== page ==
Last month, Fonterra’s chief science and technology officer penned an article about the environmental effects of plant-based drinks versus real milk.
He shared research showing that milk substitutes had double the carbon emissions of Fonterra’s milk, produced in New Zealand, when based on their nutrient content.
Fonterra is New Zealand’s largest dairy co-op and, just like farmers in the UK, is feeling the pressure of criticism from all angles about the negative effect of agriculture on the environment.
This article was part of its attempt to fight back, with evidence of the positive environmental credentials of dairy products.
But what do we mean by “the environment”? It’s a buzzword that we hear constantly in the media and one that farmers are increasingly having to take notice of, thanks to Defra’s 25-year Environment Plan.
Yet farmers, politicians and consumers all have varying definitions, with topics including wildlife and habitats, the landscape, air and water pollution, methane and carbon emissions, global warming, soil health, plastic use, recycling and sustainability all falling under this one umbrella.
When our industry faces criticism from so many different angles, it can be difficult to respond with a coherent argument grounded in fact and science, particularly when those attacking us aren’t even clear themselves on exactly what they are attacking us for.
Fonterra does have some advantages when it comes to defending the New Zealand dairy industry.
It processes 95% of New Zealand’s milk solids, so when it talks about the carbon footprint of milk, it is basically talking about the carbon footprint of Kiwi milk, which is mainly produced via a grass-based, block-calving system.
Like Ireland, the New Zealanders are able to trade on the image of grazing cows as a more sustainable, “environmentally friendly” method of production, which gives them a point of difference in the global marketplace.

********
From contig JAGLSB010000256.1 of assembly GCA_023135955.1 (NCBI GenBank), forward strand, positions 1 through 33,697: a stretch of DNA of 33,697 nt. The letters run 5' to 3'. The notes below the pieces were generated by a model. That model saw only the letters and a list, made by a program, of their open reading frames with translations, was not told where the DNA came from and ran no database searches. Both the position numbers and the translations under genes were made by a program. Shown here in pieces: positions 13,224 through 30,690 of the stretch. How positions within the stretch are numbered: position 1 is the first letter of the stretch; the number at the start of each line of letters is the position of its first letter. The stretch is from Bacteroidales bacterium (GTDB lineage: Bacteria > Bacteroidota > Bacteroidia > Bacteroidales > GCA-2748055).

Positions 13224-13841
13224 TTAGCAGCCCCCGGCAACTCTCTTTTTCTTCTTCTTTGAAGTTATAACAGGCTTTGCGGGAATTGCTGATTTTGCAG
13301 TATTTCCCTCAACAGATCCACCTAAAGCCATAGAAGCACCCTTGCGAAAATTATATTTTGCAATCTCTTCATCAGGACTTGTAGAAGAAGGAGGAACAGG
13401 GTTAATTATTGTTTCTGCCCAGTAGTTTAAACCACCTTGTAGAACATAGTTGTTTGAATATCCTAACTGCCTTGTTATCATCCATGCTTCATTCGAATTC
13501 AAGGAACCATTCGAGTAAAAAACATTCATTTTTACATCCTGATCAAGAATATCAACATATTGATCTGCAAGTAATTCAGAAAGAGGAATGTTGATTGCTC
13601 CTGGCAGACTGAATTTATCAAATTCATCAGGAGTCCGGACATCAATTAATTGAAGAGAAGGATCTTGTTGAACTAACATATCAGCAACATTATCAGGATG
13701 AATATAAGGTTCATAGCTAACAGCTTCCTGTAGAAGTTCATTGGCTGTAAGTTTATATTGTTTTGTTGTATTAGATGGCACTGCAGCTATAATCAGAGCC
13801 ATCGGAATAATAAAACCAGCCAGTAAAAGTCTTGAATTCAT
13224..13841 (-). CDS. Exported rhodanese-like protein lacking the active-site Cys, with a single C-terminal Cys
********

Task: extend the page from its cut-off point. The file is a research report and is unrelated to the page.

More importantly, they can back this up with research from their world-leading institutions, Massey University and Teagasc.
In the UK, there is a much greater diversity of production systems, so there really is no one-size-fits-all response and we have to work harder to demonstrate our green credentials.
With agriculture representing a much smaller proportion of our national economy, there is also less incentive for the government to fund expensive research into this area – despite its increasing calls for farmers to take more responsibility.
Meanwhile, other bodies, such as the EAT Lancet Commission and the Intergovernmental Panel on Climate Change, are filling the knowledge gap and fuelling the message that farming is bad for the environment, without giving us any credit for the positive strides we have already made.
We produce more food with less inputs than ever before, our grasslands sequester vast amounts of carbon and we are the guardians of the green and pleasant landscape that defines the British isles, yet somehow, we have ended up painted as the villains.
What we really need is leadership from the front on this issue, rather than multiple organisations trying to fight the battle alone.
The NFU and Arla have both set ambitious targets for farmers to become carbon net-zero, which gives a strong message to consumers that farmers are serious about tackling this issue.
Now we need them to back this up with support so that farmers can achieve this, and simple data that demonstrates the positive effect we are having.